We will continue to explore mining concepts on blockchain technology. If you haven’t read the part one of the series, here is the link to read it first.
In this post, you’ll learn the important concepts for bitcoin mining – hashcash or proof-of-work, and proof-of-work difficulty. These concepts are the key in making the whole system works.
Hashcash is the mining function of bitcoin which is also required for proof-of-work. A proof of work is a piece of data which is costly and time-consuming to produce. Bitcoin miners spend a lot of their efforts creating hashcash or proofs-of-work which serve as a vote in the blockchain evolution and verify the blockchain transaction log.
Some history lesson! The first modern application, presented as “Hashcash” by Adam Back in 1996, uses a SHA256-based proof of work as an anti-spam measure. SHA256 is a cryptography algorithm used by bitcoin to serve as the core of security in the form of “mining”.
In practice, bitcoin miners spend their resources such as hardware, electricity, and time to solve the proof-of-work function, hashcash. Producing a proof of work can be a random process with low probability so that a lot of trial and error is required on average before a valid proof of work is generated. The following figure should make it easier to understand Proof-of-Work.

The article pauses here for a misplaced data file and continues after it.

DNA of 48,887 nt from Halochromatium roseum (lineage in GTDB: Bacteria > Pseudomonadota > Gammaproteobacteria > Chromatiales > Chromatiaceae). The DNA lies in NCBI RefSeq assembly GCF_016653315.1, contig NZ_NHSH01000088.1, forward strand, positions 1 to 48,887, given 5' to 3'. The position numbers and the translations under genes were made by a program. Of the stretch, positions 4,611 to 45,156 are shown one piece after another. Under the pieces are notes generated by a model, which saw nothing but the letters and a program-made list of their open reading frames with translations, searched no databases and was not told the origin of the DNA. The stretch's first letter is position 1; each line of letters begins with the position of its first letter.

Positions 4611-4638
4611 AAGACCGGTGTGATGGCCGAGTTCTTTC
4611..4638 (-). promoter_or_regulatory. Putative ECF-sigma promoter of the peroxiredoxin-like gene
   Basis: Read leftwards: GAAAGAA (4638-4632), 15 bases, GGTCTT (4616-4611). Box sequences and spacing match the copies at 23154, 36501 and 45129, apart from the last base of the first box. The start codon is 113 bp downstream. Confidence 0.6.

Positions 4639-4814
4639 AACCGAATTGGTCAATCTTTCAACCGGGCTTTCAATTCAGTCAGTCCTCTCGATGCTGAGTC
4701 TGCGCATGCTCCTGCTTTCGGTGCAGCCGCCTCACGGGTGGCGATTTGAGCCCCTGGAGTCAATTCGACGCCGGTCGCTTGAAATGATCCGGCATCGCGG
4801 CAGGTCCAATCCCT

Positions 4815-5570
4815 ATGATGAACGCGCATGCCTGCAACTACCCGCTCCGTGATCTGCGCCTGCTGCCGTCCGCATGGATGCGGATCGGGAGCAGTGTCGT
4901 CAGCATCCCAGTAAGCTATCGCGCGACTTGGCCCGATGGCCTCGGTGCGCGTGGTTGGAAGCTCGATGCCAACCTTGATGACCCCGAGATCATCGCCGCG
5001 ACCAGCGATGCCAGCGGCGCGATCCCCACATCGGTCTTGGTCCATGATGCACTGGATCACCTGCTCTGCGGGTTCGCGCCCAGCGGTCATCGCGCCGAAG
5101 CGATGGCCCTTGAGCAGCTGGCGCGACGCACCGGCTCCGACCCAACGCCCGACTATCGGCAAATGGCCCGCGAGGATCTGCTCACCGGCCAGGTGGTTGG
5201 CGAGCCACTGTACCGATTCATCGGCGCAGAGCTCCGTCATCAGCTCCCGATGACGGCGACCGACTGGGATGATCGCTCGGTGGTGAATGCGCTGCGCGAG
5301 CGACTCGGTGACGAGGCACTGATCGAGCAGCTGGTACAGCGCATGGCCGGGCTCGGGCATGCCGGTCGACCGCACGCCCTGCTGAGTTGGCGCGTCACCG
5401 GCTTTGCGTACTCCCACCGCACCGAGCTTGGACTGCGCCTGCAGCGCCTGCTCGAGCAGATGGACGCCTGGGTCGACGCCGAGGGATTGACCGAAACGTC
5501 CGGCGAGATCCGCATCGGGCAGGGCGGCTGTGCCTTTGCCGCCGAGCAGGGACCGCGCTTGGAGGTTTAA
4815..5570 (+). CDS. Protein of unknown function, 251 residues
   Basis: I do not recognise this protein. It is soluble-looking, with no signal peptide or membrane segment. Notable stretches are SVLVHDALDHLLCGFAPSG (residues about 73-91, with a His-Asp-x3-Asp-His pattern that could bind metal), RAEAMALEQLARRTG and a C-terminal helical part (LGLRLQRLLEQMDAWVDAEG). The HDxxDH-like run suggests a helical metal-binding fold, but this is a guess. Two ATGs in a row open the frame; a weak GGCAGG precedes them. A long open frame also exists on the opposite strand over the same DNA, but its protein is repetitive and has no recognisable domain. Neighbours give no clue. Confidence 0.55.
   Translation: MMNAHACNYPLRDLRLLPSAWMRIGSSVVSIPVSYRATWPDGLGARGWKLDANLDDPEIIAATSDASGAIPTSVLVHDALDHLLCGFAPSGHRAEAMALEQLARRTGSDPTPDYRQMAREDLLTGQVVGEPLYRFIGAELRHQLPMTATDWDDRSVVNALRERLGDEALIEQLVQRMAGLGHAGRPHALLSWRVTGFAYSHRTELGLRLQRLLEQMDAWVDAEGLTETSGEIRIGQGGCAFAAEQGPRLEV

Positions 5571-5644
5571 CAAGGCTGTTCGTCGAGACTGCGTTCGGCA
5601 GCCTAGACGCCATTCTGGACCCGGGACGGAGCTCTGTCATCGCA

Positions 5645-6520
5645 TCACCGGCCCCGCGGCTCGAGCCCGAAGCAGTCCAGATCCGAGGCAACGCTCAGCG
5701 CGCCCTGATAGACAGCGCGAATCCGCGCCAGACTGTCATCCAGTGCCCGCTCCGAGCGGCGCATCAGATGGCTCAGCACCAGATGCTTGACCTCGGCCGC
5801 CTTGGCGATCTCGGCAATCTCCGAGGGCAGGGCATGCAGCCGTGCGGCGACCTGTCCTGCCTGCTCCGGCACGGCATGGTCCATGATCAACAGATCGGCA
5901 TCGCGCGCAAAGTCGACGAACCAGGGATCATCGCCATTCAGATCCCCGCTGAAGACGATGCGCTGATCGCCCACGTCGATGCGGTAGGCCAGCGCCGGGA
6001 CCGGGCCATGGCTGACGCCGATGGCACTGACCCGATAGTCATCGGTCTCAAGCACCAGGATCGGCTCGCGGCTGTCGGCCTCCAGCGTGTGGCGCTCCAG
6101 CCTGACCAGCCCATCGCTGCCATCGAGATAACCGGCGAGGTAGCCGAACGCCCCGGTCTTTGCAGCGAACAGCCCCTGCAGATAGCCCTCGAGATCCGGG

Did you know that solving the proof-of-work is so difficult that computers with normal CPU alone is not enough. It’s because the SHA-256 hash of a block’s header must be lower than or equal to the target in order for the block to be accepted by the network.
To put it simply, the hash of a block must start with a certain number of zeroes. The probability of calculating a hash that starts with many zeroes is very low, therefore many attempts must be made. In order to generate a new hash each round, a nonce is incremented. That’s why many computers join together to solve the mathematical problems and share the rewards.
We will explore more concepts on later post series.